100 Years Ago

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On Summer Seas (1916)

The National Park Service was created one hundred years ago.  Yellowstone preceded that, being designated in 1872.  And once upon a time, I dreamed of being a forest ranger.  My imagination had me up in a tower in a sea of green trees–a rather narrow view of the current job description.

morning in mountains

Glacier National Park

 

One of the more unique rangers we’ve met was dressed to the hilt as a French voyageur  and remained in character, impressing our youngest.  I think there was even bread baking involved.

 

voyageur_canoe

1868 Quetico Superior Route, Passing a Waterfall by Frances Anne Hopkins (Scene showing a large Hudson’s Bay Company freight canoe passing a waterfall, presumably on the French River. The passengers in the canoe may be the artist and her husband, Edward Hopkins, secretary to the Governor of the Hudson’s Bay Company.) (public domain)

That national park was the site of the Rainy Lake gold rush in the mid-1890’s.  Northern Minnesota is not the first place I’d think of when searching for gold.  Better odds, maybe, of finding Forrest Fenn’s treasure chest.

chest

Forrest Fenn’s Treasure Chest

 

 

Longevity

Don’t you wonder what secrets to a long and happy life Forrest Fenn might share?  (In addition to being extremely fortunate in the outcome of his flying career, I mean.)

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100 years ago

So, I asked him.  Diet?  Exercise?  Are you some sort of vegan?

His response:

This old lady was asked that question. She said she drank 4 Dr. Peppers a day since she was 8 years old. She said her doctors promised she would die at an early age if she didn’t stop. She said, “I’m 104 years-old, still drinking 4 Dr. Peppers a day and my doctors are all dead.”

Wiki-link — Dr Pepper   Interesting:  they sued Coca-Cola back in the fifties.

Once, at the county fair, I tossed rings and won a couple large, glass bottles of Dr Pepper.  I had to give them to my brother because I couldn’t stand the flavor;  tasted too much like prune juice?    Like a lot of other fine things, I acquired a taste for it later in life.

Happy hunting, all!

 

 

Happy 85th Birthday, Forrest Fenn!

The Fisherman

The Fisherman

Another year has gone by with no one finding his hidden treasure, but there’s a great tribute to him over on Dal’s site.

morning in mountains

Wishing him many, many more years of “not missing his turn.”

1884: The great Robbery of Hawaii

There be pirates . . .1884 Hawaii  (reblogged below)

and treasures found with imagination

 

Intrepid on the Atlantic

Intrepid on the Atlantic

weird history nut

Greetings once again loungers on bar stool of the bar of shame. I have yarn for ya

When one thinks of pirate raids in the pacific, one normally thinks of the great buccaneering days of south America in the 17th century or the brief age of the privateers during the war of south American Independence around 1820 or the few acts of gold fever piracy in the early 1850’s. By the time of 1880 piracy and the great buccaneering raids was well and truly a thing of the past. Or where they?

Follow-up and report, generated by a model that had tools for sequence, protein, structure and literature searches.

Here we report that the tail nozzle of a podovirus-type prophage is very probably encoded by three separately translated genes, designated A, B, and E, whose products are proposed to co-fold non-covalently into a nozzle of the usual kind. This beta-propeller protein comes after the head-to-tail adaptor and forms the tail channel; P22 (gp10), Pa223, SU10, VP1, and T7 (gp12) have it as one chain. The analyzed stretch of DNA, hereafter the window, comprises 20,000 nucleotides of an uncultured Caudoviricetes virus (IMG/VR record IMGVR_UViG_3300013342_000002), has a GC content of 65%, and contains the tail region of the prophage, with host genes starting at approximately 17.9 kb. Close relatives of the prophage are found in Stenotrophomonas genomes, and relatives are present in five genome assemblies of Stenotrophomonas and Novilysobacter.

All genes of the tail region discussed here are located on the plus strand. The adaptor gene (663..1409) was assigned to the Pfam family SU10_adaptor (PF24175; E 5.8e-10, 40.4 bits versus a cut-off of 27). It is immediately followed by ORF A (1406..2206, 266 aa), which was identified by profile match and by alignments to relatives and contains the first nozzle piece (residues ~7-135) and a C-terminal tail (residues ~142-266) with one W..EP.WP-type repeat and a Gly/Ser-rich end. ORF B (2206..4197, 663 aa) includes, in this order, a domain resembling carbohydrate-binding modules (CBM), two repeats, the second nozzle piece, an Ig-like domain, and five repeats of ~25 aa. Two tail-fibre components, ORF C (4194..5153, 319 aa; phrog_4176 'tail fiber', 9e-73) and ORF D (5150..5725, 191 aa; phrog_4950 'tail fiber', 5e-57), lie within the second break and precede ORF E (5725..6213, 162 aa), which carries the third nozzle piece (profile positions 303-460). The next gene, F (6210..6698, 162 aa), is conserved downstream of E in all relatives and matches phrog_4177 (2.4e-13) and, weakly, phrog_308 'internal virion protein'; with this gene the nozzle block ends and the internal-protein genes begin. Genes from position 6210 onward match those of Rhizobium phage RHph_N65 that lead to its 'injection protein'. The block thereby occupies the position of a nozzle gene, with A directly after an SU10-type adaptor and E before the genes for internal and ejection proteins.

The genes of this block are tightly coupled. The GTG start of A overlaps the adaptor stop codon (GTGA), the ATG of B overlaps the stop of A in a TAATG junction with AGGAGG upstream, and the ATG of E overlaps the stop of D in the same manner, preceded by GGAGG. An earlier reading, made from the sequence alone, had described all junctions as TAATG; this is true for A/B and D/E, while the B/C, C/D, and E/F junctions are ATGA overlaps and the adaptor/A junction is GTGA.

The peaceful pacific was settling down to a more gentle refined era of neocolonialism and island monarchies. It was the age when the missionaries had tamed the mighty cannibals of the pacific and the reckless beachcomber and pirates were a thing of the past. Hawaii was still a independent kingdom not yet a state of the United States.

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New Clue??? Tune in This Afternoon! Forrest Speaks

Dude!

Dude!

New Clue???

February 4th, 2015

News from Dal’s blog.  Forrest will be on Huffington Post LIVE via web-cam about 4:45 ET this afternoon.  (That would be 3:45 CST;  2:45 pm Santa Fe time; and you west-coasters can figure it out yourselves.)

Here’s a link   —

http://live.huffingtonpost.com/

UPDATE

A fun interview with 2 professional treasure hunters and a treasure hider — Forrest Fenn.

Watch it yourself here —  Huffington Post LIVE interview

 

 

The Sonnets

Forrest Fenn is writing poetry again.  I’d love to watch over his shoulder and see him at work. Is it a messy process with lots of words crossed out?  Or does he compose it in his head and only write what works? Does he adhere to form or formula?  Or is he a free spirit, free verse wordsmith?

English: Title page of Shakespeare's Sonnets (...

English: Title page of Shakespeare’s Sonnets (1609) (Photo credit: Wikipedia)

Photo credit Wikipedia

Apparently William Shakespeare  worried about leaving a legacy.  At least the young man narrating the Bard’s first  dozen or three sonnets did.  He stood gazing marvelously in the mirror, pondering, and concluded that he’d just have to get married and have a son. {Okay.  That’s more abbreviated than even a Cliff’s Notes version.} But, it made me think of the last chapter in Forrest Fenn’s Too Far To Walk where he gazes with marvel(?) in his mirror in a closing poem.

Legacy~~~

“Oh very young.  What will you leave us this time?” Cat Stevens